If you’re not Paris Hilton and actually have to work for a living, then Bob Rosner is required reading.
[singlepic id=334 w=300 h=220 float=left]A New Jersey native now based in Seattle, Bob writes “Workplace911” (formerly “Working Wounded”), the internationally syndicated weekly column about workplace issues. He’s also a best-selling author of “Working Wounded: Advice That Adds Insight to Injury” (Warner Books), coauthor of “Gray Matters: The Workplace Survival Guide” (Wiley) and “The Boss’s Survival Guide: Everything You Need to Know About Getting Through (and Getting the Most Out of) Every Day” (McGraw-Hill), a motivational speaker and employee retention expert, a surveyor of workplace attitudes and experiences, a radio talk show personality and a contributor to CNBC.
How’s THAT for a résumé?
But that’s not all: Bob can add, under “Additional Information”: “Collector of funeral home bowling shirts” – further proof that Bob really does care about the working stiff, so to speak.
How do I know Bob? Because I formatted “Workplace 911” for its weekly space in a certain Tacoma daily newspaper, so I not only got paid to read Bob’s column, I continue to benefit from it as I write these AmeriCollector entries. The fact is, Bob’s down-to-earth writing style – combined with his upbeat, positive approach to dealing with workplace issues and challenges – is a model for any blogger. The same goes for the varied content of each of his columns, which usually consists of a reader’s question, Bob’s advice in the form of four key points, some enlightening, often humorous survey findings and an inspirational or at least fun quote from someone notable who, very often, has been in your shoes.
For these reasons, I consider Bob a mentor.
So imagine our surprise, delight and gratitude when I asked Bob if he collects anything; and, if so, if he’d be amenable to being featured on AmeriCollector.com; and what does he collect, anyway? – and he replied: “Yes”; “Yes”; and “Funeral home bowling shirts”! (Talk about breaking new ground in the collecting field!)
Now, funeraI home bowling shirts may sound bizarre to some and downright macabre to others: Who knew such things even existed? To me, at least, bowling shirts may be as little as 50 percent cotton and 50 percent polyester but they’re 100 percent Americana, and FUNERAL HOME bowling shirts in particular have all the offbeat early-1960s black humor of “The Munsters” and “The Addams Family,” Ed “Big Daddy” Roth’s “Rat Fink” and Forrest J. Ackerman’s fanzine Famous Monsters of Filmland – pure boomer nostalgia.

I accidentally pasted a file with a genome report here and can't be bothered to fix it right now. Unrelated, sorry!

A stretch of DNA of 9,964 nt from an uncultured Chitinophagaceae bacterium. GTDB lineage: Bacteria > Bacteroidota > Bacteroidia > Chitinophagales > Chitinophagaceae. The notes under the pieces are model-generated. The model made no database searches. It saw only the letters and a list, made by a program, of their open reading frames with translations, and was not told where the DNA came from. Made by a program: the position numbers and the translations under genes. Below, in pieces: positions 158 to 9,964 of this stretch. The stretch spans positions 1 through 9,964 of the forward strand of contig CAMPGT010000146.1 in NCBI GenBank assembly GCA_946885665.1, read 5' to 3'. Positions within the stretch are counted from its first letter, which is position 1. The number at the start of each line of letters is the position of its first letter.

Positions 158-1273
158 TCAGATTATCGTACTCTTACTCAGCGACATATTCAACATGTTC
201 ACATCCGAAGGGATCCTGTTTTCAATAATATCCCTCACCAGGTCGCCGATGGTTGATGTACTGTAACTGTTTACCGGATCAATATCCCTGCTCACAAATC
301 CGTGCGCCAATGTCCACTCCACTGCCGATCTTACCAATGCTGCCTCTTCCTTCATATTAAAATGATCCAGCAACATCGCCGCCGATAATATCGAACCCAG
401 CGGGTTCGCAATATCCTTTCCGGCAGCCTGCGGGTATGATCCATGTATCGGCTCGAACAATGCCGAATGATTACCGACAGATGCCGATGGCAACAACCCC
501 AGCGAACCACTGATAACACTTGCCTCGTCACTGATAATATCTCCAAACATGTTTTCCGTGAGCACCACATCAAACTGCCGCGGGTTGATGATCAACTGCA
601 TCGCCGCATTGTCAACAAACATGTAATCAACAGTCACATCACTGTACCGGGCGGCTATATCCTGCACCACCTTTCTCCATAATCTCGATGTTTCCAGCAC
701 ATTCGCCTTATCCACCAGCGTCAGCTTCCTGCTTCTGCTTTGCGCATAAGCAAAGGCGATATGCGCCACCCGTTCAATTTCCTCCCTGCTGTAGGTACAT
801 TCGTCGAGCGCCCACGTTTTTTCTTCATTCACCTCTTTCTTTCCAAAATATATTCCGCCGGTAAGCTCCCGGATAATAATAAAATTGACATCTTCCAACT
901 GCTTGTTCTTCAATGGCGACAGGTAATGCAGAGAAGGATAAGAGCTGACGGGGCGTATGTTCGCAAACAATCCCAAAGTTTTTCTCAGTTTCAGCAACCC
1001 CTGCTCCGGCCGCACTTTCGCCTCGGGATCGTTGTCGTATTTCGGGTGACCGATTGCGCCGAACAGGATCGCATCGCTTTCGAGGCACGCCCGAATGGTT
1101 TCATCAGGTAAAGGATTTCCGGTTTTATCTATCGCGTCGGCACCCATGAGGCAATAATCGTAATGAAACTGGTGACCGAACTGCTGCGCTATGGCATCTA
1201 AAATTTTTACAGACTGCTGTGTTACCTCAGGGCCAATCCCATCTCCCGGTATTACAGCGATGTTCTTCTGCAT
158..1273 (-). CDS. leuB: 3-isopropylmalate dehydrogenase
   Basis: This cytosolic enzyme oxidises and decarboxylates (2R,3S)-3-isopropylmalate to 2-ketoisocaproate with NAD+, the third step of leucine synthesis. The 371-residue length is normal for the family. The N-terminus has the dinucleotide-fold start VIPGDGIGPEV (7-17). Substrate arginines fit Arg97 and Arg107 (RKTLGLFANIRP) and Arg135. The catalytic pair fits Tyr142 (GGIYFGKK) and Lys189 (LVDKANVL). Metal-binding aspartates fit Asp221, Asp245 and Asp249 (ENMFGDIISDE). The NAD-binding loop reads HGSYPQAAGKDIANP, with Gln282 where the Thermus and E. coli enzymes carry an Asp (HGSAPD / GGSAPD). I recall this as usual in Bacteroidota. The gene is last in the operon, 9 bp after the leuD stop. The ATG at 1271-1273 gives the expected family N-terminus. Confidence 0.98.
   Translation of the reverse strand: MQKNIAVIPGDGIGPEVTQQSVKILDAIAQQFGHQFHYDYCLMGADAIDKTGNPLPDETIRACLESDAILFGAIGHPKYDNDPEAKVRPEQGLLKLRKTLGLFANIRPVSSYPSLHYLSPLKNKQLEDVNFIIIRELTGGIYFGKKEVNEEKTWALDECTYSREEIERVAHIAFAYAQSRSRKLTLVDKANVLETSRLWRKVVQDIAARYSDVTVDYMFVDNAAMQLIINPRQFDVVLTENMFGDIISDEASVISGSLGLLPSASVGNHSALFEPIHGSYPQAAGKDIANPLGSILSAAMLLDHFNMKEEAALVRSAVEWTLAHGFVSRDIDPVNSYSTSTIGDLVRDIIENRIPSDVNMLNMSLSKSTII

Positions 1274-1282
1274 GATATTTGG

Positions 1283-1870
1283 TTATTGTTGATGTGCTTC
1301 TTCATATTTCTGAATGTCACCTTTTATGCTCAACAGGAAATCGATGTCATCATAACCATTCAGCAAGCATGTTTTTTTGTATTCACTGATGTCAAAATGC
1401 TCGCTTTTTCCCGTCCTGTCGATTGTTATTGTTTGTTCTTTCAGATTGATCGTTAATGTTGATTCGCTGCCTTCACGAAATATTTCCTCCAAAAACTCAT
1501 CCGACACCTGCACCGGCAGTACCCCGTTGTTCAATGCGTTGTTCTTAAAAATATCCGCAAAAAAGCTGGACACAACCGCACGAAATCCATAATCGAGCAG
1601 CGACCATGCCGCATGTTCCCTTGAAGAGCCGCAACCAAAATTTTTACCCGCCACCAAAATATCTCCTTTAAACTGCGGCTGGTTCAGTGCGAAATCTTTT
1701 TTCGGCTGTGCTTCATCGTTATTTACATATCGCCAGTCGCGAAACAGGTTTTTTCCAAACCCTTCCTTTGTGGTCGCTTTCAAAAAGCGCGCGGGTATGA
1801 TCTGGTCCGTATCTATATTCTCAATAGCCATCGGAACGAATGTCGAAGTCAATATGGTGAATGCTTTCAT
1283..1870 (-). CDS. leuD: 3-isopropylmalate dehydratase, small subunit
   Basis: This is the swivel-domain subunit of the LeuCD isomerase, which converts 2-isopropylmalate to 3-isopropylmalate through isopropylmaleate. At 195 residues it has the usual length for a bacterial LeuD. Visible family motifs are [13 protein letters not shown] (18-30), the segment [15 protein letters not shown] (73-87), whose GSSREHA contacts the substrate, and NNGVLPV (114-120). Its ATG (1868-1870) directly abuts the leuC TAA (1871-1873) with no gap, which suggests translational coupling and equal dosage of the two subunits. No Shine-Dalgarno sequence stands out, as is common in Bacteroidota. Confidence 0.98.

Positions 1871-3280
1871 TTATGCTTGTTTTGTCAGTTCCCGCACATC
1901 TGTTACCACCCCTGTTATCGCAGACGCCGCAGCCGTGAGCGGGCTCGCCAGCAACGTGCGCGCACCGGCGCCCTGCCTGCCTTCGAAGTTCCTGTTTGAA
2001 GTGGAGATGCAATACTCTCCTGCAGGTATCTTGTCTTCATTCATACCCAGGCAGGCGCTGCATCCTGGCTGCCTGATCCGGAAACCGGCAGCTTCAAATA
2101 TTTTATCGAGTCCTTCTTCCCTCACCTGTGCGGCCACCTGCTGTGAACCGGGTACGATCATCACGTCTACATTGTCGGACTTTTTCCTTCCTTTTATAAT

Anyway, here’s my interview with Bob … (And incidentally, if you ARE Paris Hilton, e-mail us quick, we need a sponsor.)
Bob Rosner: Why not?
AC: Do you bowl?
Bob: Rarely. I was the captain of the bowling team in high school: not because I was any good; it just so happened that I had enough spare change to pay for a bunch of people’s shoe rentals. If you ever want to be an officer for a bowling league, I’ve learned, bring change!
AC: How many shirts do you have?
Bob: I have 21 shirts. I’ve been told by the Bowling Hall of Fame that this is the largest collection of its kind anywhere in the world. At least, that’s what they said when they tried to get me to donate it to their museum and called me every few days for two weeks.
AC: When did you get started?
Bob: I was looking through a bin of shirts at a vintage clothing store in Boston. I came across Carlson’s Funeral Home, 1174 Payne Avenue. It made me laugh.
One day I was at a party and a very beautiful woman and I got into a conversation. The chemistry was remarkable. There was actually beautiful music in the background as our eyes connected. It was pure Disney, although I don’t remember any songbirds flying around my head. It was magical and clear to both of us that we were destined to spend the rest of our lives together. Then I asked her if I could get her a drink. She said yes. When I turned she said, “Ugh. Funeral Home. That’s disgusting.” I replied, “How can you say that? I worked at Carlson’s for three years.” (For the record, if you look at the word “replied,” it also contains the word “lied,” which you could consider an apt description of my response to her.) She asked what I did at the funeral home. I told her, “I was activities director.” She didn’t laugh. So I continued, “We had a balcony, we’d hook strings to the bodies and hold dances.” She slapped me across the face, still the only time I’ve ever been slapped by a woman. At that point, I knew I was onto something.
AC: What do you enjoy about collecting the shirts?
Bob: I love having bowling parties, watching people change shirts every few minutes. And, trust me, you haven’t felt love until you’ve gone into a bowling alley wearing a shirt from a funeral home. They automatically treat you like family … well, to be accurate, like a cousin twice removed, but family, nonetheless.
If you ever do get invited to a party, wear a long-sleeve shirt under any shirt from your collection: To preserve their cultural and historical impact and integrity, the shirts should never be washed.
AC: How do you build your collection?
Bob: A friend made me a business card. It was gray and said, “Bob ‘First Strike’ Rosner” on it. It also had “RIP” across the top (which of course stands for “Recreation in Polyester”), I would hand cut each one into the shape of a tombstone. The card became very popular at vintage clothing stores. In fact, the last five shirts were given to me.
AC: What’s the highlight of your collection?
Bob: embroidered version of the famous hand bowling out of a casket shirt (it’s in the middle of the photo). This is the only shirt that consistently frightens people.
AC: What are the characteristics of a great shirt?
Bob: A bowling shirt with the word “Funeral” on it. This is not rocket science.
Many thanks to Bob Rosner. (Visit Bob’s Web site at www.workplace911.com.)